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Issue Date: October 2006 Issue


Inspiration by the Glass


Steve Gleydura
gleydura@clevelandmagazine.com

Yes, that’s a pint of beer on our cover.

Beautiful, isn’t it? A full head, rising bubbles, colors that drift from cream to amber to yellow-gold. Our “Best of Cleveland” brew is no ordinary beer.

Maybe you missed it at first glance, but our glass has history — not just suds — as its inspiration.
(No, I have not indulged in a few too many draughts while working on this issue. Though, apparently, our city has a bit of a problem with overindulgence; City Life)

Cleveland has always been a beer town. And for a time, P.O.C. was this town’s beer.

Our updated version — B.O.C., the Best of Cleveland — is a loving nod to the Pilsener Brewing Co.’s signature beverage, and its 1950s label.

But our love of beer started well before then. During the city’s growth in the 1870s, Cleveland was home to almost 30 breweries, according to Carl H. Miller’s rich history, “Breweries of Cleveland.”

Maybe it’s our Eastern European roots, our industrial heritage or our great location on the lake, which provided access to cheap grain and plentiful ice during our harsh winters.

“Once there were breweries all over the city, and the pungent smell of malt and hops wafted high on the breeze, putting a dreamy look on the faces of all who had strength to inhale,” wrote Cleveland historian George Condon in a 1971 Plain Dealer article that Miller picks up in his book.
Pilsener Brewing Co. was founded in 1892 and, by 1915, had a three-story facility at Clark Avenue and West 65th Street.

“P.O.C” first appeared in 1907 as a slogan for its Extra Pilsener Beer. The exact meaning of P.O.C. was intentionally fuzzy. Pilsener even ran a “P.O.C. Guessing Contest” to end the debate. It didn’t.

While the company suggested the origin may have been “Pilsener of Cleveland,” many people commonly referred to the beer as “Pride of Cleveland” — which it was.

“That was my father’s beer,” a colleague quipped when he first saw the cover hanging up in my office. “When I was little, I thought that’s how you spelled beer.”

During the 1950s, he wasn’t the only one. P.O.C. became the city’s best-seller in 1953, overtaking local favorites Leisy’s Light and Erin Brew.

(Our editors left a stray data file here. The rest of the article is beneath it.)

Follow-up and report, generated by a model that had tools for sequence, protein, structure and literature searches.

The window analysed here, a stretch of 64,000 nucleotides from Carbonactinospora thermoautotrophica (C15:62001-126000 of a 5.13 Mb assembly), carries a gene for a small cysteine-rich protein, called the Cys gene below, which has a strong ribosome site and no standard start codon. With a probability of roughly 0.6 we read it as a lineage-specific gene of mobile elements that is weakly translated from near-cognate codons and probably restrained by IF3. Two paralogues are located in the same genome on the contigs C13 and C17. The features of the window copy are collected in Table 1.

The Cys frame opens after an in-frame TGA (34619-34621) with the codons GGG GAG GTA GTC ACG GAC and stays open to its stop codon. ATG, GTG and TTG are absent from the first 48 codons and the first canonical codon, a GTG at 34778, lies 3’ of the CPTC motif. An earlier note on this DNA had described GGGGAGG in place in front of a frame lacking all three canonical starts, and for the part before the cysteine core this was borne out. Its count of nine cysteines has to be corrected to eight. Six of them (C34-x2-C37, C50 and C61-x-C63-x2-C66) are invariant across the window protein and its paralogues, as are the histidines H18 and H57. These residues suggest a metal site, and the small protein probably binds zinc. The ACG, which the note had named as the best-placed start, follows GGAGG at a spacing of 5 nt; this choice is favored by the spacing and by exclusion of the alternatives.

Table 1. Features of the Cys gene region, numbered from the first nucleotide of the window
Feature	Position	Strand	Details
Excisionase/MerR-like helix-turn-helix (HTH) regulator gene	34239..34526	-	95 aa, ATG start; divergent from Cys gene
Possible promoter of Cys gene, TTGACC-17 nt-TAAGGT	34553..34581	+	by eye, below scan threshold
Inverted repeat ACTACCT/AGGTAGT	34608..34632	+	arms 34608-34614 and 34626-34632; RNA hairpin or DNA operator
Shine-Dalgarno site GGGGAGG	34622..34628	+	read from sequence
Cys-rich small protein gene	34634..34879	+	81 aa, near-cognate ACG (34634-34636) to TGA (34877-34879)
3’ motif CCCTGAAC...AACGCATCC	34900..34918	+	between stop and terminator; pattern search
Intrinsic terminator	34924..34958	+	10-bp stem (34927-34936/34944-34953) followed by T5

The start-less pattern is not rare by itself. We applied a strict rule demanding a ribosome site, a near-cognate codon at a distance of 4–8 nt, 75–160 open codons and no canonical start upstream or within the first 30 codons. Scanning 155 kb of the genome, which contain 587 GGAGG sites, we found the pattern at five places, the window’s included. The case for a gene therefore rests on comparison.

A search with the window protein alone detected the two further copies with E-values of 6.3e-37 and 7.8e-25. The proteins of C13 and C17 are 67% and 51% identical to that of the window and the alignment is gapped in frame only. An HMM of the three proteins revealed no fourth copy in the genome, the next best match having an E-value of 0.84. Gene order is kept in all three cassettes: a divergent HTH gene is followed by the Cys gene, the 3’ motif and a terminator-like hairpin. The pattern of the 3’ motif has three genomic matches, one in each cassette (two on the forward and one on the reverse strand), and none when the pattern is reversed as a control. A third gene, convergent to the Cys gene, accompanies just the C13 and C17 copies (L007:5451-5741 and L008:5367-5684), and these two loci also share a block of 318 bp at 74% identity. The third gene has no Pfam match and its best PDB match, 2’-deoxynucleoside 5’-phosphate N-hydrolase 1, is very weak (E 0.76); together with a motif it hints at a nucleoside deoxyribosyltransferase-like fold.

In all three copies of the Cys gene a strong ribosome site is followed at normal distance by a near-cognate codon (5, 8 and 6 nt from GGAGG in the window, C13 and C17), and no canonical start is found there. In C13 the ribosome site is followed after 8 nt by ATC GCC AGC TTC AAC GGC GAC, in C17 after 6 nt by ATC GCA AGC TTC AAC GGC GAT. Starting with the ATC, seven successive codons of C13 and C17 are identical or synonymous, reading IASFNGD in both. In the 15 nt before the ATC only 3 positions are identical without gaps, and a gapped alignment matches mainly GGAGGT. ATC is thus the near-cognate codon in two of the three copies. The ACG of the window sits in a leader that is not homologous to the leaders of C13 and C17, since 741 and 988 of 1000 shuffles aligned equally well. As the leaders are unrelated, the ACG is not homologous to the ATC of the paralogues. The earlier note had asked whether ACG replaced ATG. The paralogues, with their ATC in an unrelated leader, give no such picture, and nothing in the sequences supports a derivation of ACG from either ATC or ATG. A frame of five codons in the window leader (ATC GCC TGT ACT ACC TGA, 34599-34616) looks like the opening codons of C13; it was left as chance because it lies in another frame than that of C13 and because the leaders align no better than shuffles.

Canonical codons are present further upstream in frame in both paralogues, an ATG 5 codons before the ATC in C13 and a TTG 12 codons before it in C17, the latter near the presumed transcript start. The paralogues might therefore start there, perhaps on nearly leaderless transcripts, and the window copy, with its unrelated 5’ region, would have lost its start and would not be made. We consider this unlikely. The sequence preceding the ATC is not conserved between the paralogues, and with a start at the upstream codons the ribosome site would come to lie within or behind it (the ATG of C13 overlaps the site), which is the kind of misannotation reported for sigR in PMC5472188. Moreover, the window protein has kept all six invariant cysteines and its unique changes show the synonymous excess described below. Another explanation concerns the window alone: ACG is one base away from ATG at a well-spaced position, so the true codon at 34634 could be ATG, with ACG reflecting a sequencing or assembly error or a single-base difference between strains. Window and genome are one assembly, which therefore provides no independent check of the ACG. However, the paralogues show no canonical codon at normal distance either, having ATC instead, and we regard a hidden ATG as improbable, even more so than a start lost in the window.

Yet its reign was relatively short. Just a decade later, the Pilsener Brewing Co. capped its final bottle, bowing to the popularity of national brands and the shifting interests of its parent company.
Still, the P.O.C. brand endured. It was produced in Pittsburgh for a time, then sold and returned to Cleveland, where it was made in the former Carling brewery on Quincy Avenue.

When C. Schmidt & Sons closed that plant in 1984, leaving the city without a brewery for the first time in more than 150 years, P.O.C. held on — finally succumbing two years later.
The microbrew boom of the ’90s even revived P.O.C. in 1999, but it disappeared again faster than a pint on St. Patrick’s Day.

So why allude to a beer that’s been gone for most of the past 20 years on the cover?

Well, because we like beer. Because Cleveland’s rich brewing history is worthy of the Best of Cleveland. And because the “Pride of Cleveland” slogan says it well: There’s a lot to be proud of here.

So we’ve highlighted 65 of our favorites — everything from a place to brew your own beer to German brats (which probably would go great with a P.O.C.) to a place to pimp your ride (which probably doesn’t).

And this year, our readers have selected winners in 45 other categories, including their favorite sports heroes, news anchors and neighborhood hot spots.

But even at 110 categories, there’s a lot more to drink in. You can be a part of our first-ever Best of Cleveland party, Oct. 12 from 7 to 10 p.m. at The Rock and Roll Hall of Fame and Museum.

For ticket information, call (216) 771-2833 ext. 149 or visit www.clevelandsbestof.com.

Cheers.


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